I grew up during the KBSR era, and I understand the sentiments that some teachers may have towards phonics, because most of us who went to school in the same era learn to read through the 'look-say' or the whole language methods. I went to teachers training college in KBSR era, too, and the training that I received on teaching reading instruction was also pretty much 'look-say'. Therefore, I understand very well the 'discomfort' and reservations that some teachers may have towards these whole 'Sesame Street' thing.

Having said that, I also urge my teacher friends to be more courageous and step out of our comfort zones. Phonics may still be an unfamiliar territory to us for now, but perhaps if we are willing to open up our minds and try to learn as many things about it as we can, we may be able to see the benefits of it and how it can help us to teach our pupils to read more effectively.

For me, to use phonics or not to use phonics is not the question. At least not yet. Get to know phonics first. Try it out. Experiment with it. Combine it with other methods. Discuss it with others. Share your experiences with others. Reflect on it. Practise it. Improve on it.

'Should I use it or not?' should not be the question. Instead, the question should be: When should I use it?

A Bagful of Remedies

I came across this article from the Center for Expansion of Language and Thinking entitled "Phonics versus Whole Language: Why Whole Language Teachers Don't Think It Is Much of a Debate".  I'm attracted by the concluding statement: "Not phonics versus whole language, but phonics within whole language!"

Many education experts and practitioners have observed that phonics does exist in a whole language program, and the same is also true vice versa. Elements of both whole language and phonics are needed in reading instructions, and good teachers, whether they realize it or not, do bring in both. It is a matter of emphases, and poor teaching can be done under any label.

I think Starret (2000) sums it up the best in the introduction of his book 'Teaching Phonics for Balanced Reading' (Skylight Professional Development) when he writes:

"A teacher should be like a general practitioner to the extent that not all patients get the same medicine. Some may need an aspirin. Others may need rest. A few may need surgery. When the patient (student) is healthy (can read independently), teachers should stop the medication. A teacher, like the old-fashioned country doctor, should carry around a bagful of remedies. Phonics ought to be one of the many remedies."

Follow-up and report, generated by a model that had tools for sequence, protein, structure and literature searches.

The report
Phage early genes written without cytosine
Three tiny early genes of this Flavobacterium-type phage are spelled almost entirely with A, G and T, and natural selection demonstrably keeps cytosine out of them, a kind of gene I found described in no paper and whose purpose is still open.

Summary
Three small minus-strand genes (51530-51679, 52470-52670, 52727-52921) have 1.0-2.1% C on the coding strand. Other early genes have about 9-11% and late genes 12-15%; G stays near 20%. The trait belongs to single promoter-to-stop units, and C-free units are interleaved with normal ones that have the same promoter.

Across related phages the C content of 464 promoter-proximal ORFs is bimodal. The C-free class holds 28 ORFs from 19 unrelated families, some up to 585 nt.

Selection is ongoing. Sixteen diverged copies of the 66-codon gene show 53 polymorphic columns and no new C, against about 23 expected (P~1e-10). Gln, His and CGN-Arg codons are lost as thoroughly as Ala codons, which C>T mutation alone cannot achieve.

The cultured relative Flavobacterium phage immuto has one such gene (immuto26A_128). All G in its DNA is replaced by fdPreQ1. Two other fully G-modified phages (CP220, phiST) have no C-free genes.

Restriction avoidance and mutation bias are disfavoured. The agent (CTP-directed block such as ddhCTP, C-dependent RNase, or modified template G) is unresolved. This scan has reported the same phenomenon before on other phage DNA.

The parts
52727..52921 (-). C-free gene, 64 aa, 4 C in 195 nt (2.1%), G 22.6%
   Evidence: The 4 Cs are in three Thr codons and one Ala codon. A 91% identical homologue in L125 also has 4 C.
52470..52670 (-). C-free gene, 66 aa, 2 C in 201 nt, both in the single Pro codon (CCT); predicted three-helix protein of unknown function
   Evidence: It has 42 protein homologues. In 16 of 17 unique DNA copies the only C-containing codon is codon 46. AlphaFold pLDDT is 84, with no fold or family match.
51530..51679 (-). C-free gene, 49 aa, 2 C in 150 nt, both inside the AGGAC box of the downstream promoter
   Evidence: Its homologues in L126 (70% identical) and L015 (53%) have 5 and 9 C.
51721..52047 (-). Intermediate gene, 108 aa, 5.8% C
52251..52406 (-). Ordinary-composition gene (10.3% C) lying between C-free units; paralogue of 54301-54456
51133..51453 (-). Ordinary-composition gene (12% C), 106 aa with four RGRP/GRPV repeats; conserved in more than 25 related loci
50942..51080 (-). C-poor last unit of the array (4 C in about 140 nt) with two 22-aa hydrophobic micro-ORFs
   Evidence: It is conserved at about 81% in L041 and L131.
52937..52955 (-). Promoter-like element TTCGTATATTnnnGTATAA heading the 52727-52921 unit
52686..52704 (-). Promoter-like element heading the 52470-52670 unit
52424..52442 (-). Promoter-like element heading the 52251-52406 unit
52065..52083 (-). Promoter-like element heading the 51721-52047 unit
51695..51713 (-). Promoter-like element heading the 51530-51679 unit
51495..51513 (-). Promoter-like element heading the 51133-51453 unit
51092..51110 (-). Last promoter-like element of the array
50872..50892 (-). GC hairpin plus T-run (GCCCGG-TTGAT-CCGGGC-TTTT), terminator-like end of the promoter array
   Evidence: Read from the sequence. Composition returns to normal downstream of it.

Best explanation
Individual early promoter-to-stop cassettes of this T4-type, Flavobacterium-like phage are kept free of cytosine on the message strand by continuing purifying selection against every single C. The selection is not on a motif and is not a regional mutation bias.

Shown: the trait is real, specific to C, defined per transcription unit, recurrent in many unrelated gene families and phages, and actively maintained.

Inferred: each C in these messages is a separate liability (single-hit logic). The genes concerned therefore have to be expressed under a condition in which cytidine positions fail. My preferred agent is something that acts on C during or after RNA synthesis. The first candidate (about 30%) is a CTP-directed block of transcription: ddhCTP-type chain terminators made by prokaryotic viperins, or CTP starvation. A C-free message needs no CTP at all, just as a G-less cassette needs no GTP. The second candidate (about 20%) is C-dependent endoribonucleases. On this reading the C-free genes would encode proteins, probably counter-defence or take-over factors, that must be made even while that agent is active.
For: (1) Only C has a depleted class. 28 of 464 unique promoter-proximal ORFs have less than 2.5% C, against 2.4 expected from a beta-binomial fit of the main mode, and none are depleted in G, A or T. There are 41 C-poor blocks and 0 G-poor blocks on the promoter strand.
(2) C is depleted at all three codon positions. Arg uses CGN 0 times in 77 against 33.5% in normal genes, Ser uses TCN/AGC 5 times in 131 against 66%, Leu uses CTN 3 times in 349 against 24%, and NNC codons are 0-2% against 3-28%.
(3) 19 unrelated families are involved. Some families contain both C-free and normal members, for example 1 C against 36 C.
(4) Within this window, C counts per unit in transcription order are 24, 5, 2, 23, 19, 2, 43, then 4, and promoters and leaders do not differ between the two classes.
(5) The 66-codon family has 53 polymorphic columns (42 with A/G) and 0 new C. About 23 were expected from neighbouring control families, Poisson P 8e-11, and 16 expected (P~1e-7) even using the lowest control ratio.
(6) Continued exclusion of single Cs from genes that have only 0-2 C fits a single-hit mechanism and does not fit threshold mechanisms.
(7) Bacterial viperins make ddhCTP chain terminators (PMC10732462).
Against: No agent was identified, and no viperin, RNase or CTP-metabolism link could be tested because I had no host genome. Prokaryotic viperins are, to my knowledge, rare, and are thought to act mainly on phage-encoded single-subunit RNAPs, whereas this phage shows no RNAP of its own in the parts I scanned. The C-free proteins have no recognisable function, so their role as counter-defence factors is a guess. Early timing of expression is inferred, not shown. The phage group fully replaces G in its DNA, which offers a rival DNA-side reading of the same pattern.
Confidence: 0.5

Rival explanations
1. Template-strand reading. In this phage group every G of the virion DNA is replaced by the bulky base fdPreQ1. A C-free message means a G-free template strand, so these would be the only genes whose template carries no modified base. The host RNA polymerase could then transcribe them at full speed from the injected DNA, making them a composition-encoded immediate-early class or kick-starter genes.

Till the next post, thanks for reading! ;-)


Starret, Edmund V. (2000). Teaching Phonics for Balanced Reading. Skylight Professional Development: Illinois


  1. Thanks a lot Cindy ... you have said all I needed to know ...

  2. Oh, just stumbled upon your blog and love it a lot. Thank you Cindy :)
    BTW, could you share with me some ways to teach writing especially to weaker pupils. since I'm a new teacher, lots and lots of things I have to learn before I can teach and writing is one of it. I always find it difficult to teach my pupils to write properly especially for my future UPSR's candidates (my pupils apparently are low achievers). Do share some of your experiences, it will be much appreciated. Thank you again.

    1. Nani: Sorry it took me so long to get back to you, been very busy these past few days. I haven't updated my blog for quite sometime for now, but I'm working on putting a download tab where you can download some of the materials that I have uploaded on slideshare - modules and Powerpoint that I use for UPSR classes and workshops. Please visit often, and feel free to download any materials that you find useful.

      Thanks for visiting! ;-)


Related Posts Plugin for WordPress, Blogger...